Spending, jobs worries keep RBA on hold

Petrina Berry
(Australian Associated Press)


The Reserve Bank has held the official cash rate at 1.5 per cent for the 21st consecutive month, saying weak household spending and sluggish wages growth remain a concern for the economy.

RBA governor Philip Lowe kept his comments on employment, inflation and the state of the housing market virtually unchanged from his April statement in announcing the widely expected decision to keep rates on hold.

Dr Lowe continued to call out household consumption as a source of uncertainty, pointing to incomes growing slowly while household debt levels remain high.

While repeating his forecast that the economy’s growth rate is expected to pick up, Dr Lowe said for the first time since January that he expected it to lift above three per cent in 2018 and 2019.

Westpac head of macro strategy David Goodman said while the forecast showed some signs of “hawkishness,” the RBA will likely hold the cash rate for a long time.

BIS Oxford Economics’ head of macroeconomics Sarah Hunter said three per cent was overly optimistic.

Ms Hunter said weak consumer spending and the coming residential construction downturn will limit the nation’s economic growth to around 2.7 per cent this year and next.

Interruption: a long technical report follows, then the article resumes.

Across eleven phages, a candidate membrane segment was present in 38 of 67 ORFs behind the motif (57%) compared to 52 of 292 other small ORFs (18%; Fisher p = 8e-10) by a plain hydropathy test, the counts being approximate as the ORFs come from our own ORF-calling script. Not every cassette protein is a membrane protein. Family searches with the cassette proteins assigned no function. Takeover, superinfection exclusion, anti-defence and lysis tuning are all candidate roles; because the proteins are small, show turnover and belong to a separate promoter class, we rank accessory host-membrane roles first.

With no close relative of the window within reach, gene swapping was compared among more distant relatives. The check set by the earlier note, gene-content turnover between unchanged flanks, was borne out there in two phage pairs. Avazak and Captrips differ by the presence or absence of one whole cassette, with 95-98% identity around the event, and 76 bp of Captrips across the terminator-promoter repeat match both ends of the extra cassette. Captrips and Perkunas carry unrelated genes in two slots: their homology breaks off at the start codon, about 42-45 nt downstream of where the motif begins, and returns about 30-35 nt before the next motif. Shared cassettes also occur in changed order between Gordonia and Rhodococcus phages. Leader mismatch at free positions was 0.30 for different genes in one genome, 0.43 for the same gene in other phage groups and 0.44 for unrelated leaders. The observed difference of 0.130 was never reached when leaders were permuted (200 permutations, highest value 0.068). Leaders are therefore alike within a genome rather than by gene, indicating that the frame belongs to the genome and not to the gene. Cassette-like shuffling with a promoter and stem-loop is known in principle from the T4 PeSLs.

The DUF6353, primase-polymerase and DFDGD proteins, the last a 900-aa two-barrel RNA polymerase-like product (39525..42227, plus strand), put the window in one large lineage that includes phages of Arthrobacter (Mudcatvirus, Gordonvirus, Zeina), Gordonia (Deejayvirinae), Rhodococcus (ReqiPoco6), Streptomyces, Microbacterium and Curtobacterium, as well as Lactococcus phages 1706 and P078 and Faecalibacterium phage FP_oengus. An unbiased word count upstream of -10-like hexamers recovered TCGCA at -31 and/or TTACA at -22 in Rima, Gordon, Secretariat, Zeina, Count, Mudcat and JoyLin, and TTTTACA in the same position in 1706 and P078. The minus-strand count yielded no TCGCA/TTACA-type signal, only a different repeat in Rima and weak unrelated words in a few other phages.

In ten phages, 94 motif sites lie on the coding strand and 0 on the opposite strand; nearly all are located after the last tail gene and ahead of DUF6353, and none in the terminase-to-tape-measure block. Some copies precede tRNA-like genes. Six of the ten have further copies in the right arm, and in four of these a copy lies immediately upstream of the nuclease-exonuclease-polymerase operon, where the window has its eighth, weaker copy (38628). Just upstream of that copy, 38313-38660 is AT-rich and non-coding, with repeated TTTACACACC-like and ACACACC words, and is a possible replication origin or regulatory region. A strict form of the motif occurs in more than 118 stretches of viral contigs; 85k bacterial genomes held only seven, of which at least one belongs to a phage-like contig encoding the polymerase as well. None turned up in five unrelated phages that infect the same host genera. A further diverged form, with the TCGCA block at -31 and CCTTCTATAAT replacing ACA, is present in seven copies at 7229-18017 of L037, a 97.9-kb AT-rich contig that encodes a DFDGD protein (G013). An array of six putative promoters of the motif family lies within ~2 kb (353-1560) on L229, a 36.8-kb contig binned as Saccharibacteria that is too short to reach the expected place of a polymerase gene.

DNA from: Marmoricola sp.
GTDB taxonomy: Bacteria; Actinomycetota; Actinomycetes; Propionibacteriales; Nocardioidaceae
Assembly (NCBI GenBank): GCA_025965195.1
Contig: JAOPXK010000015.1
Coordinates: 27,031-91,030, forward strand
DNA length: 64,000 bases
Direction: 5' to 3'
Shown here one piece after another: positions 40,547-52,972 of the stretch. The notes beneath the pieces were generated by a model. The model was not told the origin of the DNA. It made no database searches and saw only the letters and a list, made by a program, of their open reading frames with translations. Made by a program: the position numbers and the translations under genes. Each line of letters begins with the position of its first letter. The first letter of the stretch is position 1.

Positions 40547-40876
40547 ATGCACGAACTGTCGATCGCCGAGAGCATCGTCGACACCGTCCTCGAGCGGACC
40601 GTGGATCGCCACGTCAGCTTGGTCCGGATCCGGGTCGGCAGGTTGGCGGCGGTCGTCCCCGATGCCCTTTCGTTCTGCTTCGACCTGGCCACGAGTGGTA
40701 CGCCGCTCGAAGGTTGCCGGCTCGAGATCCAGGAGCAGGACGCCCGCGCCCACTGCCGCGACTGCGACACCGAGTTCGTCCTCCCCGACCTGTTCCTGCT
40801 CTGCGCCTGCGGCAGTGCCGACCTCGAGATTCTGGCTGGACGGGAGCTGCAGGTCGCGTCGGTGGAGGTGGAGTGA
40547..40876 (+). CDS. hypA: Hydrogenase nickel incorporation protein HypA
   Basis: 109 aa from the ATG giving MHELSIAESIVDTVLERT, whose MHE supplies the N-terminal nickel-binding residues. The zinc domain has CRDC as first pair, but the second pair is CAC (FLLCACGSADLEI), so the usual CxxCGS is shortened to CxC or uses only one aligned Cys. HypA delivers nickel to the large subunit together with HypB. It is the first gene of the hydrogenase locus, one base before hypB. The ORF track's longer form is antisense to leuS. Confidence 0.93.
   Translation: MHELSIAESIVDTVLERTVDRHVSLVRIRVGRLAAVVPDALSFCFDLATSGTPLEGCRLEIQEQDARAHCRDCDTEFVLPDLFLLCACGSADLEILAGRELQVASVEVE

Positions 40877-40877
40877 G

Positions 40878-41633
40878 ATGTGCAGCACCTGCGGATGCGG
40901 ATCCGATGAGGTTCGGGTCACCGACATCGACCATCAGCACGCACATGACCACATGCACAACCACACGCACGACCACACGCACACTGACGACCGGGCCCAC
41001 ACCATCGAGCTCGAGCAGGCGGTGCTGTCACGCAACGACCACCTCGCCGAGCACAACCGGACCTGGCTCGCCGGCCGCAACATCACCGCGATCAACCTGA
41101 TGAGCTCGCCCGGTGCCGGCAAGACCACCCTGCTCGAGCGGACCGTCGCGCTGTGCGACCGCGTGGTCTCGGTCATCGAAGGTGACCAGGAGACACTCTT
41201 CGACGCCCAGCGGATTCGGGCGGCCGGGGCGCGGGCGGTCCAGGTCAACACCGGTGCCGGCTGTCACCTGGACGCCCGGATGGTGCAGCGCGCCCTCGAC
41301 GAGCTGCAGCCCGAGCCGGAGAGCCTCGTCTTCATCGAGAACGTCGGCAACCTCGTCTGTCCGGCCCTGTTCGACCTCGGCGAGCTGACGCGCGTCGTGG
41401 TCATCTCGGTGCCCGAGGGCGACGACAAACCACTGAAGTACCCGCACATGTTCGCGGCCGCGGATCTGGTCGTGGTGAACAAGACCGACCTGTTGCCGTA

“As ever, the board signalled that a pick-up in wage and price inflation will be gradual,” Ms Hunter said.

“We see this as the board signalling that rates will be on hold until this process is firmly entrenched, which is likely to be well into 2019, and we don’t expect the cash rate to rise until December quarter 2019.”

Dr Lowe noted in his statement that the price of oil has increased recently, as have the prices of some base metals and said while Australia’s terms of trade are expected to decline over the next few years, they should remain at a relatively high level.

TD Securities macro strategist Annette Beacher said today’s statement was more of a cut and paste of recent months than she had expected.

“We were looking for a nod to higher underlying inflation but the bank’s narrative was little changed,” she said.

The Australian dollar was unaffected by the rates decision, trading at 75.30 US cents at 1630 AEST, slightly down from 75.59 US cents on Monday.

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